‘16 identified, arrested for underage drinking
The student was subsequently charged with three counts of misdemeanors, including misrepresenting his age, providing a false report to law enforcement officials and possessing false identification. The ongoing case has prompted questions about student privacy, particularly with regards to the recent threat posted on Bored at Baker before Commencement.
Employees have access to student information "relevant to the jobs they perform," College spokesperson Justin Anderson said.
"We're looking at the situation that has been reported in the media about the employee who called the police," he said. "We're investigating it and once we've gathered all the facts, we'll address any violations as appropriate."
The student's identifying information is considered public "directory information" and may be released without a student's permission, according to the College's Family Education Rights and Privacy Act tutorial.
Anderson said that the College respects students' rights under state and federal privacy laws and takes their health seriously. Violating students' FERPA rights is grounds for the federal government to cut off funding to a university.
Anderson added that Dartmouth expects employees to "adhere to the highest level of professional ethics."
In an interview with the Valley News, Kett claimed that she acted on her own and that reporting the suspected underage drinking "wasn't part of her job."
According to the Hanover Police report on the case, Kett explained to officers that her position at the College had made her "keenly aware" of underage drinking on campus.
Following Kett's call, an officer arrived at Molly's but found that the student in question had already left. The officer reviewed a copy of the student's check, which showed that the student had ordered four alcoholic beverages with dinner.
The officer passed on this information to a fellow officer, who then attempted to contact the student by visiting his room. The Safety and Security officer knocked at the student's door and identified himself and, hearing no reply, entered to "ensure that the male was not passed out due to his alcohol consumption," according to the report.
Consuming five or more drinks in less than two hours is considered binge drinking for males, according to the Learning Collaborative on High-Risk Drinking.
Because the room was empty, the Safety and Security officer said he would "monitor" the student's Dartmouth ID to see if he returned to his dorm.
The Hanover Police officer received a phone call later that evening from a Safety and Security sergeant, who said that two Safety and Security officers had apprehended the student in question in front of Carson Hall. The Hanover Police officer responded to the scene with a fellow officer, where he confirmed that the student ordered alcoholic drinks at Molly's.
According to the report, the student "was slurring his words as he spoke and appeared to get confused with what he was saying." He told the Hanover police officer that he had used his valid state license, which indicated that he was under 21, to order drinks at Molly's.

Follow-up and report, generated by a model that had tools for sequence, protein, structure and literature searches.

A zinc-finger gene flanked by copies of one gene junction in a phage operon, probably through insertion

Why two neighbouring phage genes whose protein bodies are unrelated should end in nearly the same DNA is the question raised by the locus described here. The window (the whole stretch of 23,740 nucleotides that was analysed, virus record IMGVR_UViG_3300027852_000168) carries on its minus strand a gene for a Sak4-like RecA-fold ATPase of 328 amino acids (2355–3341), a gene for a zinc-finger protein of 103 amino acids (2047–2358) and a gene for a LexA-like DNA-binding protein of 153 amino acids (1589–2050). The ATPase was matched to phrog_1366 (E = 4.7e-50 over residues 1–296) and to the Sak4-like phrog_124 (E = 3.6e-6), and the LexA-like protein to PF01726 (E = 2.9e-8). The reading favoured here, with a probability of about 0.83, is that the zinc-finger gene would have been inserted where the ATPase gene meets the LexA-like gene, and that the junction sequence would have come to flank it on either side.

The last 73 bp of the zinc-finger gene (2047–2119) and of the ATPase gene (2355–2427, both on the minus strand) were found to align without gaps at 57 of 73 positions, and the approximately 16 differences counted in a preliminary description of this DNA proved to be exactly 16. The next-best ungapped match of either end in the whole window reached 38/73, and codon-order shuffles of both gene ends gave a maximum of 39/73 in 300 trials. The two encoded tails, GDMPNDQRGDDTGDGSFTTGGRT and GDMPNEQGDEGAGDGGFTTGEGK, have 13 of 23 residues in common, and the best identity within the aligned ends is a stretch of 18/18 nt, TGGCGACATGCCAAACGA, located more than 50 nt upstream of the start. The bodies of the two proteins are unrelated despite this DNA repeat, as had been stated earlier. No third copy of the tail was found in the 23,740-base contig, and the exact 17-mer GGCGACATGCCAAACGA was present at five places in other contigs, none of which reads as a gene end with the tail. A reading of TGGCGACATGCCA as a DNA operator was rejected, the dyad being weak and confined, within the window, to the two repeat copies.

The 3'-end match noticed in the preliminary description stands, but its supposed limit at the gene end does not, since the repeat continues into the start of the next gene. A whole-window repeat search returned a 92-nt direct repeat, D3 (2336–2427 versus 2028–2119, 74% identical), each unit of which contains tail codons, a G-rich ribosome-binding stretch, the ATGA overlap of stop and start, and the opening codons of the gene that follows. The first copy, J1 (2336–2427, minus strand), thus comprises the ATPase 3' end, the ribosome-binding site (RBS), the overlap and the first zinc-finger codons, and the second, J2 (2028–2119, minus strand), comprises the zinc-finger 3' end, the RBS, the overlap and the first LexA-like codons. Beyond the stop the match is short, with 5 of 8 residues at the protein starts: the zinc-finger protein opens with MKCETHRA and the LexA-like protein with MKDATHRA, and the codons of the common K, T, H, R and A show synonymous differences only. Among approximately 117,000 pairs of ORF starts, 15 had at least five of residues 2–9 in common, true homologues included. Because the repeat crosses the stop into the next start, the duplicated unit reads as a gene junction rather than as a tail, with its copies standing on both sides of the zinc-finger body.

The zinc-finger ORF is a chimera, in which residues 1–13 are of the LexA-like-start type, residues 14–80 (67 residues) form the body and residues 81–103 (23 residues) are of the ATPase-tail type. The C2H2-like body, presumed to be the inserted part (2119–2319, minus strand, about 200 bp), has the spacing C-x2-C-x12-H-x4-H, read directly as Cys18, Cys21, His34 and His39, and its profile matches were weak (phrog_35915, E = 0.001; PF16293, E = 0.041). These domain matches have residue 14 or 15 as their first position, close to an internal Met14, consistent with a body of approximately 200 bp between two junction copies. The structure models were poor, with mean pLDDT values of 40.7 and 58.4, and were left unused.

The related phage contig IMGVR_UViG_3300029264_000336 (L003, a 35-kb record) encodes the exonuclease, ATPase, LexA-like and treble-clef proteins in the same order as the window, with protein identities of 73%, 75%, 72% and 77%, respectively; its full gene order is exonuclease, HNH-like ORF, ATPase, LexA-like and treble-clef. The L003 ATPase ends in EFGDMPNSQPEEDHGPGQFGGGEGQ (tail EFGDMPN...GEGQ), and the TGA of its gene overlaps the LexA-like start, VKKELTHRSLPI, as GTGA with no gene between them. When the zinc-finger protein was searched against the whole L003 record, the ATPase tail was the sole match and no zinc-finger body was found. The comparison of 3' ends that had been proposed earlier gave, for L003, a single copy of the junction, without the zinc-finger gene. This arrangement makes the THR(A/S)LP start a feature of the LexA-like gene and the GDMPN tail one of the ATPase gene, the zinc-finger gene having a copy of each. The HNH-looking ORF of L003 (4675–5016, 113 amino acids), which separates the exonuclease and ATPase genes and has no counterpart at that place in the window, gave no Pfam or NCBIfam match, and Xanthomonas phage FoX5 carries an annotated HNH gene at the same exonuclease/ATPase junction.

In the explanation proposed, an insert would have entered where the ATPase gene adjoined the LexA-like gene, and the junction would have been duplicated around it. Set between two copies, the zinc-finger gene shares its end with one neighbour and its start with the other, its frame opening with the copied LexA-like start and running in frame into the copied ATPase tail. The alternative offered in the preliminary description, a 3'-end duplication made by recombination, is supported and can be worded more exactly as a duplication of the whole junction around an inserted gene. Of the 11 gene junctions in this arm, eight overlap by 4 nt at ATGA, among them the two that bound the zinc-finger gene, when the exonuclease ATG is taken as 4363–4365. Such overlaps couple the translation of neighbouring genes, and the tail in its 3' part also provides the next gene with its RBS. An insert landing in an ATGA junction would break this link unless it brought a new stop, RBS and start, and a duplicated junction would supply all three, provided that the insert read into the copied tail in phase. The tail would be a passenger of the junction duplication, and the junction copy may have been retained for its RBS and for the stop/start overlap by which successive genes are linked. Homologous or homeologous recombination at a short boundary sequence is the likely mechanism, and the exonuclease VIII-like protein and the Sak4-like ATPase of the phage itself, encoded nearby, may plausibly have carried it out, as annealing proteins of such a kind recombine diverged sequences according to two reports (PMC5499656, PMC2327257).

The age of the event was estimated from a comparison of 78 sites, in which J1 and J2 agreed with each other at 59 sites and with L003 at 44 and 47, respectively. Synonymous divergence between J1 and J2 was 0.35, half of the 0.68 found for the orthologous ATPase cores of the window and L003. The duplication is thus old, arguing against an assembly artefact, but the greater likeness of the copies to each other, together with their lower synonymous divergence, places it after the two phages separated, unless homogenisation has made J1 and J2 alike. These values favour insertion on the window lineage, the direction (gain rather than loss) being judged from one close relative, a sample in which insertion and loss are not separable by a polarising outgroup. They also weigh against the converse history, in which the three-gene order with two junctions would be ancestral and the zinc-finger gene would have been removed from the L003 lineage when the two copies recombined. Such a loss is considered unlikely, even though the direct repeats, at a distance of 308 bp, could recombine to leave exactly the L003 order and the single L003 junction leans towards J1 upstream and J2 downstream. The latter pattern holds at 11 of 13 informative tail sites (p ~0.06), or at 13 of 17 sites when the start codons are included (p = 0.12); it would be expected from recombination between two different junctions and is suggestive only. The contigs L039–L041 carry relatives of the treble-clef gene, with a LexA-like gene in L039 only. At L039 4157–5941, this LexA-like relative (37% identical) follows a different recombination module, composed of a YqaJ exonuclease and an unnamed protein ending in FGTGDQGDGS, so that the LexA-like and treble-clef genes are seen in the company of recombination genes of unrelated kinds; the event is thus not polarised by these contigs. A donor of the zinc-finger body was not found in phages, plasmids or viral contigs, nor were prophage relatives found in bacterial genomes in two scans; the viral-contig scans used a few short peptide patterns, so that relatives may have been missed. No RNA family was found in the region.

The Hanover Police officer informed the student that he was under arrest for unlawful possession and intoxication. He then took a picture of the student's driver's license for a potential prohibited sales case against Molly's or the waiter who had served the student.
The student was issued a summons and given information on the Diversion program. He was driven to his room, where he removed a 12-pack of beer and open bottles of champagne, rum and vodka from his and his roommate's rooms. The student stated that the open bottles did not belong to him.
Afterward, Safety and Security officers transported the student to Dick's House for the night.
Later that evening, two nurses at Dick's House overheard the student talking on a cellphone. They claimed they heard the student say that he had hidden his fake ID in his underwear and "was going to be testifying against Molly's for serving him the alcohol," according to the report.
Monitors are in place in most of the rooms at Dick's House, Anderson said.
"The nurses can't be in every room," he said. "They're used to make sure that students are safe and not in distress."
The nurses then informed Safety and Security of the conversation. A sergeant called the police at 3:46 a.m. to report the update. An officer arrived at Dick's House and waited for the student to wake up.
Once awake, the student was taken to an empty room and interrogated. An officer told the student that "he had made several poor decisions up to this point," according to the report.
After multiple requests, the student continued to decline turning in the fake ID. The officer told the student he could present the ID or be seized by the police until a judge reviewed a warrant. The student then handed the officer a fake license and remained at Dick's House for the night, where an officer stayed to ensure that the student did not hurt himself.
George Ostler, a lawyer for the student, and Dick's House director Jack Turco declined to comment. Safety and Security director Harry Kinne could not be reached for comment by press time.